Synonyms: Chamaeriphes benguelensis (Welw. ex H. Wendl.) Kuntze; C. ventricosa (J. Kirk) Kuntze; H. aurantiaca Dammer; H. benguelensis Welw. ex H. Wendl.; H. benguelensis var. ventricosa (J. Kirk) Furtado; H. bussei Dammer; H. goetzei Dammer; H. obovata Furtado; H. ovata Furtado; H. plagiocarpa Dammer; H. ventricosa J. Kirk; H. ventricosa subsp. ambolandensis Becc.; H. ventricosa subsp. anisopleura Becc.; H. ventricosa subsp. aurantiaca (Dammer) Becc.; H. ventricosa subsp. benguelensis (Welw. ex H. Wendl.) Becc.; H. ventricosa subsp. bussei (Dammer) Becc.; H. ventricosa subsp. goetzei (Dammer) Becc.; H. ventricosa subsp. petersiana (Klotzsch ex Mart.) Becc.; H. ventricosa subsp. plagiocarpa (Dammer) Becc.; H. ventricosa subsp. russisiensis Becc.; H. ventricosa subsp. useguhensis Becc.
Stem to 20 m tall and to 35 cm in diameter, solitary (Fig. 1) or very rarely clustered; leaves 20-25; fruits more oblong (Fig. 2), or less rounded, obovoid or ovoid, never regularly compressed, 5-8 cm long and 5-6 cm wide, rich red-brown to chestnut
Hyphaene petersiana grows in the savannah or in secondary vegetation; it grows on sodic-saline alluvial soils with high water tables. In East Africa it grows in inland regions, usually confined to alkaline soils with relatively high water-tables; it is distributed from see level to 1300 m.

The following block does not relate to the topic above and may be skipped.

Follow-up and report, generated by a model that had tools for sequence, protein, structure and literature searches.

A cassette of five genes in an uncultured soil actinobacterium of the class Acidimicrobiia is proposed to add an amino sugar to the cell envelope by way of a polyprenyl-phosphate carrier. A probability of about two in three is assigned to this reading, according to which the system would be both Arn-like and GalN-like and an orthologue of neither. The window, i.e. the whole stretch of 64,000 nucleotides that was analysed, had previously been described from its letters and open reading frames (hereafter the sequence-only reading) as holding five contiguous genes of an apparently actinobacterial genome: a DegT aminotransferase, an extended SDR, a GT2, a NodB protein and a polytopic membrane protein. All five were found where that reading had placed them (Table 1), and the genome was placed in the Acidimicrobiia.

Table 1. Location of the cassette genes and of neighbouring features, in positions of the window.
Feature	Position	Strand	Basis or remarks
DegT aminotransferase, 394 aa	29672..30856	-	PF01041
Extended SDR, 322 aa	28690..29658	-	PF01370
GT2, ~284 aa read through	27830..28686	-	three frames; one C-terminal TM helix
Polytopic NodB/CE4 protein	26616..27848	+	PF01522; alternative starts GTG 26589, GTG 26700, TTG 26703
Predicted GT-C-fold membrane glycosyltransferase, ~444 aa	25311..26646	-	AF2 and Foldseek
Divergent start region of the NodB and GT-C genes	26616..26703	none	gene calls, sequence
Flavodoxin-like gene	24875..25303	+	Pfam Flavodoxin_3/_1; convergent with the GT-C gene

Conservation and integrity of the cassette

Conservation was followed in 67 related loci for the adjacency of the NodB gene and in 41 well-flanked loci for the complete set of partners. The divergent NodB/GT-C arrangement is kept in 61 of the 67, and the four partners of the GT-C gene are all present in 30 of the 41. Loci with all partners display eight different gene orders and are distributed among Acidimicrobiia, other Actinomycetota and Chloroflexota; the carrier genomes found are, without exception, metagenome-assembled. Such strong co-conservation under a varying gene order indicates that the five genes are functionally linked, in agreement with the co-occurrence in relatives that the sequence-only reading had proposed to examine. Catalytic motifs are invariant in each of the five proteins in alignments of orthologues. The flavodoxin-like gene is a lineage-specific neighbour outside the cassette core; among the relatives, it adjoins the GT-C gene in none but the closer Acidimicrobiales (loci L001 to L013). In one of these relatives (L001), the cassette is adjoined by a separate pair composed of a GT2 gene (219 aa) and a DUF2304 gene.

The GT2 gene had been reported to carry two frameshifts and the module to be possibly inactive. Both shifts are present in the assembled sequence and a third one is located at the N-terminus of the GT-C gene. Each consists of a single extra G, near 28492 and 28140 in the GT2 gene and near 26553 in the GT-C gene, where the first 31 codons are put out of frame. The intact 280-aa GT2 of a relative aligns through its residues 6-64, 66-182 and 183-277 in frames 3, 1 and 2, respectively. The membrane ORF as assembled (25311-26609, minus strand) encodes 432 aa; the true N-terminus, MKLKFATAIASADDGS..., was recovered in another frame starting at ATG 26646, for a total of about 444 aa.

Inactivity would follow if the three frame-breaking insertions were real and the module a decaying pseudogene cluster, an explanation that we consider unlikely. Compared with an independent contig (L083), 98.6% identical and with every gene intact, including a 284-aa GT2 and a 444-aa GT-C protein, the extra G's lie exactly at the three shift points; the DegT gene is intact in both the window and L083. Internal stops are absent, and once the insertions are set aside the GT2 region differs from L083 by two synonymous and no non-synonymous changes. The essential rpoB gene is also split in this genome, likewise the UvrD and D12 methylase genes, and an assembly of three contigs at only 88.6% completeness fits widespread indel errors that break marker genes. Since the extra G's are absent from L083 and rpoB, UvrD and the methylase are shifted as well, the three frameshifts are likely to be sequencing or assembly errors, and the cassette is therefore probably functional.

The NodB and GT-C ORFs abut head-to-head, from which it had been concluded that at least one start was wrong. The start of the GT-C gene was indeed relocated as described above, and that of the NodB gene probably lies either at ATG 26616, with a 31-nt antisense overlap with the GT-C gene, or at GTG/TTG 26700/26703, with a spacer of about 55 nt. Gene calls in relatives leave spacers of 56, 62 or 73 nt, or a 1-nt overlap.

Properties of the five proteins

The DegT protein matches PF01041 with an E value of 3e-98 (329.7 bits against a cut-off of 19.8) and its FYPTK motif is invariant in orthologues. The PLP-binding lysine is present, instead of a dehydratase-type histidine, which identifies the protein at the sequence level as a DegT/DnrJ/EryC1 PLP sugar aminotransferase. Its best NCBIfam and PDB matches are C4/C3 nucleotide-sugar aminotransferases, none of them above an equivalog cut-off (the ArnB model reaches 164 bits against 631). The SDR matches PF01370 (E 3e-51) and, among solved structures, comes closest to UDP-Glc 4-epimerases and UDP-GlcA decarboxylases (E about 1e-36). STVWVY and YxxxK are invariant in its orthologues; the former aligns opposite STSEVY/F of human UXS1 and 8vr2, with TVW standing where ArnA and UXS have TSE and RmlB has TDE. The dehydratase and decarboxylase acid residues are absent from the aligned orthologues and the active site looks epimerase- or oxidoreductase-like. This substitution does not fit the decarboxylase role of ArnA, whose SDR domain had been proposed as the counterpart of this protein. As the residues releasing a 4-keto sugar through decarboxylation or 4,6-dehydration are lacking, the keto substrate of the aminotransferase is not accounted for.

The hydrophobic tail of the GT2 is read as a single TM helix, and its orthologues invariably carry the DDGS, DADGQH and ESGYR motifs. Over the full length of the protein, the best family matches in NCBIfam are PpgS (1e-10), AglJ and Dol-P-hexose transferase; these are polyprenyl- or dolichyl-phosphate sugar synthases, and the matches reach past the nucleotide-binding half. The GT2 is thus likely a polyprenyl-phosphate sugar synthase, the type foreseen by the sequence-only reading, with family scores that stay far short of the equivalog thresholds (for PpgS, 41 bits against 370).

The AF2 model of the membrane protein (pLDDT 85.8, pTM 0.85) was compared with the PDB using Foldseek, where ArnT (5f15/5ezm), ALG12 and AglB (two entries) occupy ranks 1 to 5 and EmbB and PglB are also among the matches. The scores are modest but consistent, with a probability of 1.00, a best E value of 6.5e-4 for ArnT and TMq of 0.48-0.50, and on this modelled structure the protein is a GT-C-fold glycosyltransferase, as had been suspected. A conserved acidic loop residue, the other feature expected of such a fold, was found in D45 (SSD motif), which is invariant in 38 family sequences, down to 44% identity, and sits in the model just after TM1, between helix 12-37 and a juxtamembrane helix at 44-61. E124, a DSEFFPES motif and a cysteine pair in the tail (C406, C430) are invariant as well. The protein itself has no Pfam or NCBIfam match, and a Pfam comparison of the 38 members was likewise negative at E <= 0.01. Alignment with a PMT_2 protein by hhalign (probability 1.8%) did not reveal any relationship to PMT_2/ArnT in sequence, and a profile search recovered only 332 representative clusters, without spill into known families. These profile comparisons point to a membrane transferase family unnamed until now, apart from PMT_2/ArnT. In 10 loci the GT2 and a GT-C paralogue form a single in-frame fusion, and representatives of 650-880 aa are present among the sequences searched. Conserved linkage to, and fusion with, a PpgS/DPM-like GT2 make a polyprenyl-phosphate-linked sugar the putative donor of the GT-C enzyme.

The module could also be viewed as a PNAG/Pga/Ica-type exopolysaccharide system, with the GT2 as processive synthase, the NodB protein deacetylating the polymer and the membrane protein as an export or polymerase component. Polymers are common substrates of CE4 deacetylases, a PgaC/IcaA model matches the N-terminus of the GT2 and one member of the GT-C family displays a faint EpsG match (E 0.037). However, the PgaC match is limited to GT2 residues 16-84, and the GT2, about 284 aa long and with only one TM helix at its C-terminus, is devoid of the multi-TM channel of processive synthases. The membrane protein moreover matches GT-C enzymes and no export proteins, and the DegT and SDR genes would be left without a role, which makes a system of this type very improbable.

This species is sometimes confused with Borassus aethiopum, the two taxa being easily distinguished by the well-defined petiole-spines in Hyphaene petersiana vs. erose spines in Borassus, and the elongate pointed segments in Hyphaene vs. the stiffer, broader, more rounded segments in Borassus (Dransfield, 2010).This species is distributed in Tanzania, occurring from Lakes Manyara and Eyasi southwards; common throughout the Zambesi region, reaching N. Transvaal, through the Democratic Republic of Congo to the West coast of Africa in Angola and Namibia.The leaves of this palm are intensively collected for basket weaving and as documented by Dijkman (1999) this may represent a threat for wild populations in southern Zimbabwe.
Fig. 1. Stand of Hyphaene petersiana in the village of Mikoche, on the shores of the Lake Eyasi (Tanzania, Arusha Region). This palm has a solitary growth habit and the stems reach up to 12 m. The “ventricose” stems were only observed in some individuals, most often males.
Fig. 2. Infructescence of Hyphaene petersiana bearing the regularly oblong, shiny fruits, typical of the species (Tanzania: village of Mikoche, on the shores of the Lake Eyasi, Arusha Region).
Fig. 3. Distribution of Hyphaene petersiana (based on Stauffer et al., 2014)